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On the Validation of Acquired Experiential Learning within the French VET System:

Its functioning and role in promoting professionalisation and LLL

M’Hamed DIF1
BETA/Céreq Alsace
University Louis Pasteur of Strasbourg

Paper presented at the European Conference on Educational Research,

University of Gothenburg, Sweden, 10-12 September 2008


It is increasingly recognised that transparency and recognition of qualifications and prior experiential learning,
play a crucial role in fostering LLL, employability, mobility, career development and socio-professional promotion
of individual citizens. The validation of acquired learning experiences is also observed to contribute effectively to
the promotion of professionalisation and learning path fluidity and complementarity within and between formal
and non-formal learning systems. In this context and within the framework of CREDIVOC project (2007-2009)
investigation, this paper explores and analyses the functioning, role and performances of the existing French
“VAE” regime (i.e. Validation of Acquired Experiential learning) with the aim of identifying effective practices and
their transference feasibility to other contexts in Europe. The adopted methodology in this investigation is mainly
based on desk research and documentation completed by focus group meetings and interviews with experts and
representatives from implementing silent partners and other involved stakeholders. The paper consists of four
basic sections. The first section is a background overview of the overall structure of the French existing VET
system. The second section presents the VAE regime, its development and functioning in practice. The third
section examines the performance of VAE regime in terms of a quantitative input-output flow analysis of its
beneficiaries, including its qualitative contribution to the achievement of its ultimate objectives such as the
promotion of learning path-fluidity and complmentarity between formal and non-formal learning systems and
career development trajectories of its beneficiaries. The last section draws some overall concluding remarks and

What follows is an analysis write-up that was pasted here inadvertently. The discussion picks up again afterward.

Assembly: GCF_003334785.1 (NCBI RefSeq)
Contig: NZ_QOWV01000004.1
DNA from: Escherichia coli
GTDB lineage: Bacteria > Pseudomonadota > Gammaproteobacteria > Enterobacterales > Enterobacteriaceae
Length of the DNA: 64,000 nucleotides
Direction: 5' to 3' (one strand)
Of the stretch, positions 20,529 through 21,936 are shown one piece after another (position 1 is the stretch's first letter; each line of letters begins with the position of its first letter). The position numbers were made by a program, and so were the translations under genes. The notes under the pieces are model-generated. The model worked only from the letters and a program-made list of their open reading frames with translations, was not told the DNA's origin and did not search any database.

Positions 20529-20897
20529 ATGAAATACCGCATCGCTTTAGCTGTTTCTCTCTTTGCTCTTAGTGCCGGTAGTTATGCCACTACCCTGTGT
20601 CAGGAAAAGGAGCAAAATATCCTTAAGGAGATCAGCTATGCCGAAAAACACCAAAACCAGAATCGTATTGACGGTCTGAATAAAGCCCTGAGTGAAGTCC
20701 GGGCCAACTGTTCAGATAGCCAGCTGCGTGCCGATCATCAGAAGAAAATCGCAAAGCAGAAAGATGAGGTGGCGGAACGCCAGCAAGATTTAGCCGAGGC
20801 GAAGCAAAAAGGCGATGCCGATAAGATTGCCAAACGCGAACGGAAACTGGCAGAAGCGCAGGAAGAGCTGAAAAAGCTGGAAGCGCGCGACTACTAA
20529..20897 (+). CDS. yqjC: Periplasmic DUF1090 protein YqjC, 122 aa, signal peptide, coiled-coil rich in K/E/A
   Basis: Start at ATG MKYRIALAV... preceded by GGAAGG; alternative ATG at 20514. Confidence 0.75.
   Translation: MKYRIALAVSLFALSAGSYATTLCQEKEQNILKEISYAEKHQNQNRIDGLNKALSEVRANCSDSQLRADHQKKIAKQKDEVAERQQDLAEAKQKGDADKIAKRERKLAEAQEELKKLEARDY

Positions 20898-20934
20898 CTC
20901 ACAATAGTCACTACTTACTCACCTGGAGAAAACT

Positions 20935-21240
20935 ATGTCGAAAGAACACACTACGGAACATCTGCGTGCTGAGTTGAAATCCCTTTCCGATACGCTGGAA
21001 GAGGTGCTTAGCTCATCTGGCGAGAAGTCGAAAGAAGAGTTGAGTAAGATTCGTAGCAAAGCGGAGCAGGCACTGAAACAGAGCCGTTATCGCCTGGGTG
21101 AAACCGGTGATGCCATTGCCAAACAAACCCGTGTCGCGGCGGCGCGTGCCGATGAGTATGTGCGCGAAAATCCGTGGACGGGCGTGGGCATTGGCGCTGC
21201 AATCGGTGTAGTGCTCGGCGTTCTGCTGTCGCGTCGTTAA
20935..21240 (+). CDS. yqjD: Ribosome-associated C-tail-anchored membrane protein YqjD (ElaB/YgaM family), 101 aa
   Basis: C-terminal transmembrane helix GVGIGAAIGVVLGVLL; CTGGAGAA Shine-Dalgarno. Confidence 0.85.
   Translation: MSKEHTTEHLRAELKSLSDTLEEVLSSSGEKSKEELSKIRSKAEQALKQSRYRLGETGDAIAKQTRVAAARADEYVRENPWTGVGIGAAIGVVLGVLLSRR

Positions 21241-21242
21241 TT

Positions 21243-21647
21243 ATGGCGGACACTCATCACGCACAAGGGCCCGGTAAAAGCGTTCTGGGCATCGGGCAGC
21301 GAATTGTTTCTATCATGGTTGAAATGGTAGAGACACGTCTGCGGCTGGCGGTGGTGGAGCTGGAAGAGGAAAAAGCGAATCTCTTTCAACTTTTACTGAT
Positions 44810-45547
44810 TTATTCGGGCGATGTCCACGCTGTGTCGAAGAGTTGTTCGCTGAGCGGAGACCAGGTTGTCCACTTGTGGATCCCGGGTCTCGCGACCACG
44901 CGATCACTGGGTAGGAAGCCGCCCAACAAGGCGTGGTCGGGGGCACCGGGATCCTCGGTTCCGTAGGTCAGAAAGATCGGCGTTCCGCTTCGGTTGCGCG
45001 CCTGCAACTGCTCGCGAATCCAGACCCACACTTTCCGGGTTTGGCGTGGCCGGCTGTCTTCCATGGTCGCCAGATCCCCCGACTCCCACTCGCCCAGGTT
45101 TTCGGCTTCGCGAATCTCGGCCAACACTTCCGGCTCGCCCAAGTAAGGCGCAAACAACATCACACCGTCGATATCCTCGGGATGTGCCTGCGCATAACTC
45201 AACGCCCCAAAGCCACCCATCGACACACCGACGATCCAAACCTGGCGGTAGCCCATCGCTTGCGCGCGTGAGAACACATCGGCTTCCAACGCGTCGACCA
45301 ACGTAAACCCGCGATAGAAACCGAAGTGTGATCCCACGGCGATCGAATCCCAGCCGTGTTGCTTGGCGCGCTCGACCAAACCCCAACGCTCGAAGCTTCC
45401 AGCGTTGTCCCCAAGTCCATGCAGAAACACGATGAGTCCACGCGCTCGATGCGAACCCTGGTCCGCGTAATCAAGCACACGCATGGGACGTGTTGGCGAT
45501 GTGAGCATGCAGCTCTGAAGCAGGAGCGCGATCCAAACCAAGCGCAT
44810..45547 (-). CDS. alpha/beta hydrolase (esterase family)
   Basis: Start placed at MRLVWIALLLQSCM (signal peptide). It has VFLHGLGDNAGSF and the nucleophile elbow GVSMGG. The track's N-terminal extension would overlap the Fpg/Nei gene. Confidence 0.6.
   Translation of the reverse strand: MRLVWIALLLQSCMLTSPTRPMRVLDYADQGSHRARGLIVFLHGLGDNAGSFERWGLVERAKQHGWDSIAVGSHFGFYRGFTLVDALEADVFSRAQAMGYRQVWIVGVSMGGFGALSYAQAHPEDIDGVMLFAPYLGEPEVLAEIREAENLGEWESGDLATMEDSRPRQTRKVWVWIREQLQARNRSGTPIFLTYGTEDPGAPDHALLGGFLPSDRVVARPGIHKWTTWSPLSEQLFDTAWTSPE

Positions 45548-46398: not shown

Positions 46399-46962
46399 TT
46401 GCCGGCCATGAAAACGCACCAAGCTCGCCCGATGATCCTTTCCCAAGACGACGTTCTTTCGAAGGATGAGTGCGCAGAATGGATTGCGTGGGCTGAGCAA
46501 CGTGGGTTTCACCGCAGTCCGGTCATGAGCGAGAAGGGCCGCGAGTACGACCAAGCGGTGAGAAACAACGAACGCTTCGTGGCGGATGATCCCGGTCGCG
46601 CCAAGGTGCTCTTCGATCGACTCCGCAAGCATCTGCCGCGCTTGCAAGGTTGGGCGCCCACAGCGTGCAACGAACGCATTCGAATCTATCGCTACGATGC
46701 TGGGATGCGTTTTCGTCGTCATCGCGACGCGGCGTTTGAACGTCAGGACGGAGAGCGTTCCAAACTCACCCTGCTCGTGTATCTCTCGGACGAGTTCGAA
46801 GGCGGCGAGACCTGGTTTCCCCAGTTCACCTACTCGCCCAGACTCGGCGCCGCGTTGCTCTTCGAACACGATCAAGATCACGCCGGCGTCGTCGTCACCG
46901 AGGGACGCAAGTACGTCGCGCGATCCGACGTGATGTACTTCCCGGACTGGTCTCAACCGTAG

suggestions concerning the VAE role and its transference feasibility to other context in Europe.

Contact: Dr M’Hamed DIF, BETA/ Céreq Alsace, University Louis Pasteur of Strasbourg ;
61, avenue de la Forêt Noire , F-67085 Strasbourg (France); Tel: +33 3 69 78 92 97 or + 333 90 24 21 67;
Fax: +33 3 90 24 20 70/71 ; E-mail: mdif@cournot.u-strasbg.fr


The French VET is the second basic component of the whole French educational and training system (E&T) after
the general educational system. It plays an important role in connecting the latter to the world of employment and
the production sphere through its increasing capacity of promoting professionalisation and learning path fluidity
and complementarity within and between formal, informal and non-formal learning through a variety of
transparency and recognition of qualifications basic instruments such the validation of acquired experiential
learning (VAE) and competence audit (Bilan de competences). In this context and within the framework of
CREDIVOC project (2007-2009) investigation, this paper report explores and analyses the functioning, role and
performances of the existing French “VAE” regime (i.e. Validation of Acquired Experiential learning) with the aim
of identifying its transference feasibility as an effective practice to other contexts in Europe. The adopted
methodology in this investigation is mainly based on desk research and documentation completed eventually by
focus group meetings and interviews with experts and representatives from implementing silent partners and
other involved stakeholder. In this connection, a specific reference will be made to the exemplary case of
“technicians in mechanical engineering” who benefit form VAE regime throughout the grid of
qualification/certification levels within the French NQF in the sub-sector of electromechanical engineering.

The paper consists of three basic sections and an overall conclusion. The first is an introductory overview of the
overall structure of existing VET. The second section explores the VAE regime development, functioning and